SUMMARY OF THE INVENTION The present invention provides a floatable inflatable collar for confining to a small area, and subsequently recovering, liquids which are floatable on seawater. The collar comprises a plurality of attached inflated collar sections arranged to form an enclosure. Each collar section comprises an inflatable tube, with a skimming means for-med therewith either as part of the main tube or attached to the main tube, and a ballast. The skimming means is in the form of a trough, the outer side of which functions to collect the floating liquid. The skimming means can be formed as a part of the main inflatable tube or can be formed separately and attached to the main inflatable tube. The outer side of the skimming means is of a height such that its upper edge is at, or above interface between the lower water phase and the floating liquid. Preferably the skimming means is constructed so that, in operation, it can be positioned above the interface and almost completely within the floating liquid phase. Conduit means are provided, in communication with the inside of the skimming means, to conduct the floating liquid from the confined area to a storage area. A ballast which is in the form of a weighted skirt, is attached to the collar, preferably to the lower portion of the skimming means. When the tube is inflated and floating, the ballast extends downward. The weighted skirt is made of flexible material with weights attached, preferably to the lowermost portion thereof. The weights cause downward extension of the skirt to a depth which will minimize or prevent escape of liquid product even under the force of the open sea.
Optionally, the inflatable tube can have attached thereto an inflatable bulwark, which when inflated, extends vertically upward of the main inflatable tube. Inflatable ribs can be formed at spaced intervals along the length of the bulwark to maintain the latter in an upwardly extended position. The inflatable ribs extend from the bulwark tube downward to the main inflatable tube. For convenience, the interiors of the ribs and the bulwark tube and/or the main tube can be in open fluid communication so that a common inflating means can be used to concurrently inflate ribs and tubes. In its inflated state, the bulwark provides a semi-rigid wall supported by both the bulwark tube and the ribs. The bulwark prevents or minimizes overflow of liquid product from the enclosed area. In its deflated state, the bulwark construction is flexible and thus it can be rolled or folded into a compact form to permit easy storage. The ribs should be spaced so as to provide rigidity to the bulwark without interfering with requirements for compactness. Depending upon the height of the bulwark, the materials of construction and anticipated conditions during use, ribs, at intervals of about 4 to about 15 feet or more usually about 6 to 10 feet, will be adequate of both strength and compactness requirements. When the collar is not in use, it can be compressed into accordion shape and then wound on a reel, or folded for storage.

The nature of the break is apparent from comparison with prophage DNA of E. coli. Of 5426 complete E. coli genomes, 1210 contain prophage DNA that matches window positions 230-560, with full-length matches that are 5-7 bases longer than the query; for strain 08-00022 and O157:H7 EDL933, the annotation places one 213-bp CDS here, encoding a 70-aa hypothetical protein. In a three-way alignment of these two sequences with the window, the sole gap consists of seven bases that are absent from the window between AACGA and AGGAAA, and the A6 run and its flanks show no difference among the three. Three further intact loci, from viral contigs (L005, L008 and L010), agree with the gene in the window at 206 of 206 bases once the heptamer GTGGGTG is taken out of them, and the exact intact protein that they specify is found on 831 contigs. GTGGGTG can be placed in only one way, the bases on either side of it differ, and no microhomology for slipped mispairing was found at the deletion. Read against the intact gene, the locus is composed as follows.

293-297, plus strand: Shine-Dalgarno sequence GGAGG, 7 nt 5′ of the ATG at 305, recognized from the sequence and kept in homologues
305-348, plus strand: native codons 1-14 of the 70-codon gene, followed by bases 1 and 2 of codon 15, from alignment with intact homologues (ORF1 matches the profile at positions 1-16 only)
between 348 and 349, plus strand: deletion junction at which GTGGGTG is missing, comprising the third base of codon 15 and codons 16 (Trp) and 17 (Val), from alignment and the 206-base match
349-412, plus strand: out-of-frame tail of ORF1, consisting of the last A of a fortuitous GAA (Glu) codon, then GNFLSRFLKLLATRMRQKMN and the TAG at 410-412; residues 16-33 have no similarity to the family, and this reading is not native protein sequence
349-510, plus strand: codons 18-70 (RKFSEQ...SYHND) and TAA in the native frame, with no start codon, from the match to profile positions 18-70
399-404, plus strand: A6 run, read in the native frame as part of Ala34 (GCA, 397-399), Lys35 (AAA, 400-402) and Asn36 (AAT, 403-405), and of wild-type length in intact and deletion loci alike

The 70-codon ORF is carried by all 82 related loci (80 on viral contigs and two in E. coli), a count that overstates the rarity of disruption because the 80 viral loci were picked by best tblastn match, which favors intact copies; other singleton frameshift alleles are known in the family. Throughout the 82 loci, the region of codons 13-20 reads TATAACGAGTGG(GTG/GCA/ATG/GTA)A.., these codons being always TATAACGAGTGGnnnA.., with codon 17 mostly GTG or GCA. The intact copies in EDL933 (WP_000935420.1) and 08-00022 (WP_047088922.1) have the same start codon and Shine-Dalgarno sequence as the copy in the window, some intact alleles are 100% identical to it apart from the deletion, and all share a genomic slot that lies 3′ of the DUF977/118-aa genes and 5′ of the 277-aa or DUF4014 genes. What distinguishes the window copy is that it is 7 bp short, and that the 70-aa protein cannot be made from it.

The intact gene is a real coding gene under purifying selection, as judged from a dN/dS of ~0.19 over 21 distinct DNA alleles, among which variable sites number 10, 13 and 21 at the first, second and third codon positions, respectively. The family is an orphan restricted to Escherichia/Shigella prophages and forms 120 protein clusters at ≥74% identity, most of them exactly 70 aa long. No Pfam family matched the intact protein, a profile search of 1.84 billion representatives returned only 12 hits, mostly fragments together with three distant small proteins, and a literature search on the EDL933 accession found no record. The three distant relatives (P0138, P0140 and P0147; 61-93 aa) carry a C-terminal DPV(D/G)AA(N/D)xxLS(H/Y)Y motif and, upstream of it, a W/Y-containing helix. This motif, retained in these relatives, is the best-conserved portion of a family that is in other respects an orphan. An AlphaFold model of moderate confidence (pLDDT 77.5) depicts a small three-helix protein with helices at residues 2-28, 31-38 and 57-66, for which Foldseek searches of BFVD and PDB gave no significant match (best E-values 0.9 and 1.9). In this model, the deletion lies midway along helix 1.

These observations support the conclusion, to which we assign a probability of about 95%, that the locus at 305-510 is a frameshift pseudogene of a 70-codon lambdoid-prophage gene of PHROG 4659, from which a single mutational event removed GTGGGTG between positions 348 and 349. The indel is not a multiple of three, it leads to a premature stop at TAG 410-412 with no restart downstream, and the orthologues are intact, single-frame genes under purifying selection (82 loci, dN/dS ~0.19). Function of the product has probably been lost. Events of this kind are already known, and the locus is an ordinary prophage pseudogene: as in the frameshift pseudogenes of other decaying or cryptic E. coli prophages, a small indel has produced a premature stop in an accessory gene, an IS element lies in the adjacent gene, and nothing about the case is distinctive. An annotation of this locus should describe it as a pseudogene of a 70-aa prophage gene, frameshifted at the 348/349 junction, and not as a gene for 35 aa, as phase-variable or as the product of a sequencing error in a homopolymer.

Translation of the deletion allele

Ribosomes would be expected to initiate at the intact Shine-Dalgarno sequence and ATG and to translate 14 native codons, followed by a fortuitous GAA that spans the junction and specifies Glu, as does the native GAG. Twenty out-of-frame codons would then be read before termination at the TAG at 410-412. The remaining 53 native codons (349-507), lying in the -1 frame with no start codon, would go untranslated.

BRIEF DESCRIPTION OF THE DRAWINGS FIGURE 1 is an isometric view in cross-section of a collar section which can be employed with the collar sections of this invention to form a collar.
FIGURE 2 is an isometric view in cross-section of a collar section wherein the skimming means is formed as a part of the main inflatable tube.
FIGURE 3 is a top view of one means for attaching two collar sections whereby leakage of liquid product between collar section is minimized.
FIGURE 4 is a top view of the embodiment of FIG- URE 2 wherein means are provided for removing liquid product from the confined area.
FIGURE 5 is a top view of one means for practicing the present invention wherein two collars, each made up of a plurality of collar sections, are employed to surround and confine floating liquid product.
FIGURE 6 is a side view of a collar section having the skimming means attached to the main tube.
FIGURE 7 is a top isometric view of the collar section shown in FIGURE 6.
DESCRIPTION OF SPECIFIC EMBODIMENTS Referring to FIGURE 1, a collar section is shown in its inflated state. The collar section comprises an inflated tube 1 made of a flexible waterproof material. To the top surface 2 of tube 1 is attached a bulwark 3 comprised of flexible waterproof web-bed or sheet material which extends the length of tube 1. To the top portion of the bulwark -3 is attached an inflatable waterproof bulwark tube 4 which extends the length of bulwark 3. At spaced intervals along the length of tube 1 are located strengthening inflatable ribs 5. The ribs 5 extend from the top surface 2 of tube 1 to the bulwark tube 4 and are attached to the wall 6 of bulwark 3. The interior of ribs 5 can be in fluid communication with both the interiors of tube 1 and bulwark tube 4 or can be in fluid communication with the interior of either tube 1 or bulwark tube 4. The ribs 5 provide strength to the bulwark 3 to maintain it in vertical position above tube 1.
The dimensions of the bulwark 3 and tube 1 are such as to provide an effective barrier to floating liquid product, while not seriously adversely affecting the compactness of the collar section structure. It is desirable that tube 1 be of a vertical height of from about 3 to about 10 feet and more usually between about 4 and 6 feet. The width of tube 1 at its widest point is in the range of from about 3 to about 10 feet and more usually between about 4 to 7 feet. It is to be understood that the tube 1 on bulwark tube 4 can be of any desired cross-sectional shape as for example circular or elliptical.